At a debate Monday night in Lewiston, Republican Senate candidate Charlie Summers cited a 2010 Small Business Administration study that found that the nation’s regulatory burden amounted to a $1.75 trillion tax.
The study — which was funded by the Small Business Administration’s advocacy office — concluded that small businesses shoulder the bulk of the costs of regulation.
“As of 2008, small businesses face an annual regulatory cost of $10,585 per employee, which is 36 percent higher than the regulatory cost facing large firms (defined as firms with 500 or more employees),” conclude the study’s authors, Nicole and Mark Crain of Lafayette College in Easton, Penn.
While often cited, the SBA-funded analysis has been a topic of controversy since its September 2010 release. Two left-leaning groups, the Center for Progressive Reform and the Economic Policy Institute, have released analyses that call the methodology used in the study flawed, and the Center for Progressive Reform called on the SBA to withdraw and disavow the study.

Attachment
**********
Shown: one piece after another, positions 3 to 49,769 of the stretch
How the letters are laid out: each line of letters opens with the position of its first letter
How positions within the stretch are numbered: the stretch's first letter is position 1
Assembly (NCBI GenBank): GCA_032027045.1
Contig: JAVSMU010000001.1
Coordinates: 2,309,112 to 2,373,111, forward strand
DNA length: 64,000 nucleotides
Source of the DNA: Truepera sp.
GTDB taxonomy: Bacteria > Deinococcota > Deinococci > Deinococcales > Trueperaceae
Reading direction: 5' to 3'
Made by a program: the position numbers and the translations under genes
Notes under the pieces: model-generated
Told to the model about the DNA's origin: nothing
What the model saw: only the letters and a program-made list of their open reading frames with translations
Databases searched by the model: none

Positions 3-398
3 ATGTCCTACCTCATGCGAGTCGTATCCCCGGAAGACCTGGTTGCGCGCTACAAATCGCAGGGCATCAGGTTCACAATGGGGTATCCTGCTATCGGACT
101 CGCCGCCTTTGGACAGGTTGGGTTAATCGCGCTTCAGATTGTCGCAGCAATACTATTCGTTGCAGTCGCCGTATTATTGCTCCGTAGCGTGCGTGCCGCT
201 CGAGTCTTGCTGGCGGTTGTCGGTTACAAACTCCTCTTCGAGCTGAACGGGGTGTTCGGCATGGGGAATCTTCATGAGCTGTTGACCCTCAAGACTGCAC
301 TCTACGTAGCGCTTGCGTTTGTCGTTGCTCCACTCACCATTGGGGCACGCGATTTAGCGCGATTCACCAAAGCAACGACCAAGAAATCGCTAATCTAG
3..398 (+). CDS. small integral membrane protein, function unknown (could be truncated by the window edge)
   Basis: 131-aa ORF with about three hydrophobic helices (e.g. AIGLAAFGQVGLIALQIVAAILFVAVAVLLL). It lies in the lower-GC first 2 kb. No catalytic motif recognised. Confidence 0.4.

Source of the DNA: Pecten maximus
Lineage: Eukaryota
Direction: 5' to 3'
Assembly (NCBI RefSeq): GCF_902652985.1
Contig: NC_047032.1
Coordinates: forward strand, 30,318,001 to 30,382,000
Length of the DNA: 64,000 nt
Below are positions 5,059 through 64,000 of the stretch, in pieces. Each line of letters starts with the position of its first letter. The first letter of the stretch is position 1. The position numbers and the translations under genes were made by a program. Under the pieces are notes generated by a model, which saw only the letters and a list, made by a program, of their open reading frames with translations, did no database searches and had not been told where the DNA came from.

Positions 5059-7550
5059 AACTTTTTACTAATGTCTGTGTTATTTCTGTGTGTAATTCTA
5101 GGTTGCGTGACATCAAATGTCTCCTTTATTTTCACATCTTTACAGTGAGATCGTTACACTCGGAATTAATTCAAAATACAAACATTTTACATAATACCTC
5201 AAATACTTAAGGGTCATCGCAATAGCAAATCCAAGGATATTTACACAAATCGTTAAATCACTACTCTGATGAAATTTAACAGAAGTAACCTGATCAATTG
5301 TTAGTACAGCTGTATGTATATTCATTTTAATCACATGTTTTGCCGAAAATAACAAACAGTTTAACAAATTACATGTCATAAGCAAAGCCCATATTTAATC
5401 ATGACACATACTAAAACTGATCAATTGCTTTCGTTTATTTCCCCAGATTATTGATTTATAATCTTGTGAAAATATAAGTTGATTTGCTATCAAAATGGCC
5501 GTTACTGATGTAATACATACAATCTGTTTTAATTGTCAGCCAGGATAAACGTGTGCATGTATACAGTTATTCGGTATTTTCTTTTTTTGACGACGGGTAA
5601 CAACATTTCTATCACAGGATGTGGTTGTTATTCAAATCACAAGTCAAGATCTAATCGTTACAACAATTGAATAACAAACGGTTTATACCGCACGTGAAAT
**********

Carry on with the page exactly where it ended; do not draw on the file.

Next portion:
Both groups (Center for Progressive Reform report, Economic Policy Institute analysis) say the Crains’ study uses flawed data and is too reliant on data from public opinion surveys. The Center for Progressive Reform pointed out that a 2009 report from the White House’s Office of Management Budget found regulatory costs during the Clinton and Bush administrations amounted to $62 billion to $73 billion and benefited the economy to the tune of $153 billion to $806 billion. The SBA study doesn’t calculate the economic benefit of regulations.
The Congressional Research Service, Congress’ non-partisan research arm, addressed and raised questions about some of the methodological discrepancies between the Office of Management and Budget and the SBA study in a 2011 publication.
The SBA has not withdrawn the Crains’ study.